Who Are The Inauguration Speakers?

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As President-elect Donald Trump prepares to take the oath of office, the other festivities which traditionally accompany Inauguration Day aren't quite coalescing as planned. Between performers being forced to attend or else risk losing their jobs and area schools refusing to enlist their marching bands for the parade, the campaign is having trouble locking down appearances. But who are the inauguration speakers in 2017? Unsurprisingly, they have yet to be confirmed.

We do, however, have an idea of the day's events, as well as confirmation of certain figures who will be in attendance. The day will begin with the customary morning worship service, followed by a procession to the Capitol. Traditionally, the outgoing president accompanies the president-elect for this portion of the day, so we can assume that President Obama will be in attendance.

Afterwards, first the vice president, then the president, have their swearing-in ceremonies on the West Front of the Capitol building. The new president then gives an inaugural address, after which he attends the inaugural luncheon, inaugural parade, and the evening's inaugural balls. While President Obama and First Lady Michelle Obama attended nine balls after his inauguration in 2009, President-elect and Melania Trump are reportedly only attending three.

Following rumors that no former presidents would attend the Trump inauguration, it has now been confirmed that Bill and Hillary Clinton will be in attendance, as well as George W. and Laura Bush, and Jimmy Carter.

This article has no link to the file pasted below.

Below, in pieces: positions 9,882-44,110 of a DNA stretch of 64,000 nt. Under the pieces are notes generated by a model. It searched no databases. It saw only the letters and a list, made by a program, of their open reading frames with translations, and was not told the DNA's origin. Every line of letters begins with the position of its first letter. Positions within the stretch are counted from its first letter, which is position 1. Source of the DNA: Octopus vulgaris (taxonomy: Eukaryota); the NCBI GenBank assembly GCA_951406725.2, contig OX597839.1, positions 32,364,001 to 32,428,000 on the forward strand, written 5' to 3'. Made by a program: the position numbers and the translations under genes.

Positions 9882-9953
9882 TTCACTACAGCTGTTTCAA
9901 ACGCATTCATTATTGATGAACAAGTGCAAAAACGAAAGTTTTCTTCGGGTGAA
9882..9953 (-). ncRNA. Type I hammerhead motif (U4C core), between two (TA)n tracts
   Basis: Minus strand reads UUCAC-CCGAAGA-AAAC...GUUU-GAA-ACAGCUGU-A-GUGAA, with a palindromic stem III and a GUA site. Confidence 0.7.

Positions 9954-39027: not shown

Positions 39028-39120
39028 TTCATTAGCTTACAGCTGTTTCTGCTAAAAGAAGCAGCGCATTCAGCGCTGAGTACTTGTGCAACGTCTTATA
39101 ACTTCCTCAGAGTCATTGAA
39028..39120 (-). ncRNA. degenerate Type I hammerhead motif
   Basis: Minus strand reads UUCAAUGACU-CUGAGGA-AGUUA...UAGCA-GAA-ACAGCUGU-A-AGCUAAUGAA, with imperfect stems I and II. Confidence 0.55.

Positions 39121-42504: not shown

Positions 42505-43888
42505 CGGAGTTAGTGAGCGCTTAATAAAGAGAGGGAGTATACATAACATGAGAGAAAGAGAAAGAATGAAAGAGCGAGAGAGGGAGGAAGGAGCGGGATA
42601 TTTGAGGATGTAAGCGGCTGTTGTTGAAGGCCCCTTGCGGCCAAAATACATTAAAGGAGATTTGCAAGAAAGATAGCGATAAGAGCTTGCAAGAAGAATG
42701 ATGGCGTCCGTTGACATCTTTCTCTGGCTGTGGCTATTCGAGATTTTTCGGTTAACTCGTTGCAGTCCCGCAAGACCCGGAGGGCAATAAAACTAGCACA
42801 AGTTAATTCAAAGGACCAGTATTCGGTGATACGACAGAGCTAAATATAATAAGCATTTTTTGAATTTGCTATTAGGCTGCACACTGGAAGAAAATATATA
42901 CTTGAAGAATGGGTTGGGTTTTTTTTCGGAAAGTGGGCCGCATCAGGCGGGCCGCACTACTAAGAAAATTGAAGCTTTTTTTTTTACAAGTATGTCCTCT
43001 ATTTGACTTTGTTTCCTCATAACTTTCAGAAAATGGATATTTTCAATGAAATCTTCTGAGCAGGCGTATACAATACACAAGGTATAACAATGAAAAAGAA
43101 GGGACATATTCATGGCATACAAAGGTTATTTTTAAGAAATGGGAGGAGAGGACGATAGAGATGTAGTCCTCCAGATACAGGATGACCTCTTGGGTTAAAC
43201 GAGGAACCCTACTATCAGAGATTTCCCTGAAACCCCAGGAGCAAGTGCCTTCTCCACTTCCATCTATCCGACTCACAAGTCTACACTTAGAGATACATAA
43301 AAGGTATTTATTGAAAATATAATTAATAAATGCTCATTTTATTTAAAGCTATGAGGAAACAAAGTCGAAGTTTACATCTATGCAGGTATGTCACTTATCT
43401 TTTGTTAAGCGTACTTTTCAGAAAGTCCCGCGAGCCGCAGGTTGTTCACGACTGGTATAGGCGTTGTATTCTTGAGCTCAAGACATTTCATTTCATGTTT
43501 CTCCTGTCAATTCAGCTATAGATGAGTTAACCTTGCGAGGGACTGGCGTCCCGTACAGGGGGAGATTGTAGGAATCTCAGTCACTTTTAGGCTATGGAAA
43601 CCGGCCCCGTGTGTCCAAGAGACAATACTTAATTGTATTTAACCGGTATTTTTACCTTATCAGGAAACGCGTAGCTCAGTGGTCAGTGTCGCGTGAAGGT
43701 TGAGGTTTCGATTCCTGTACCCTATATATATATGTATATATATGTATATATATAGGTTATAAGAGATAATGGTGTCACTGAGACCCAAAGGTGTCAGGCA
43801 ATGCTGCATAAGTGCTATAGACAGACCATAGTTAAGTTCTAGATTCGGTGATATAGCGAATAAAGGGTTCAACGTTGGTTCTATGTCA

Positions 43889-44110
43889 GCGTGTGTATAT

The only speakers who have been confirmed thus far are Inauguration Day religious leaders, who will be reading from scripture and leading prayers. One or two clergy are common at inaugurations, but Donald Trump has chosen an unusually high number to represent him. While President Obama opted for three leaders of faith, Trump has chosen six to offer readings and prayers on his Inauguration Day.

Among them is Pastor Paula White, one of Trump's top spiritual advisors, who was responsible for facilitating a meeting between him and hundreds of evangelical leaders. She is only the second woman ever to pray at an inauguration. The first was Myrlie Evers-Williams in 2013. The other leaders slated to speak are Cardinal Timothy Dolan, Rev. Franklin Graham, Rabbi Marvin Hier, Bishop Wayne T. Jackson, and Rev. Samuel Rodriguez. And they weren't all Trump supporters — Rodriguez, Dolan, and Hier were all vocal opponents of Trump's immigration policies and his rhetoric on immigrants.

Deputy Communications Director for the Presidential Inaugural Committee Alex Stroman told NBC Washington that a truncated Inauguration Day parade was expected, chalking it up to Trump's supposed wish to skip the formalities. "You're going to see a shorter parade this year, probably about an hour and a half or so," he said. "That's probably a testament to this president's willingness and eagerness to get to work for the American people."

POLITICO has a full list of the parade lineup, which the organizing committee says will include "8,000 parade participants representing 40 organizations" and every branch of the military. They'll also be hosting a livestream of the inauguration, which you can watch here.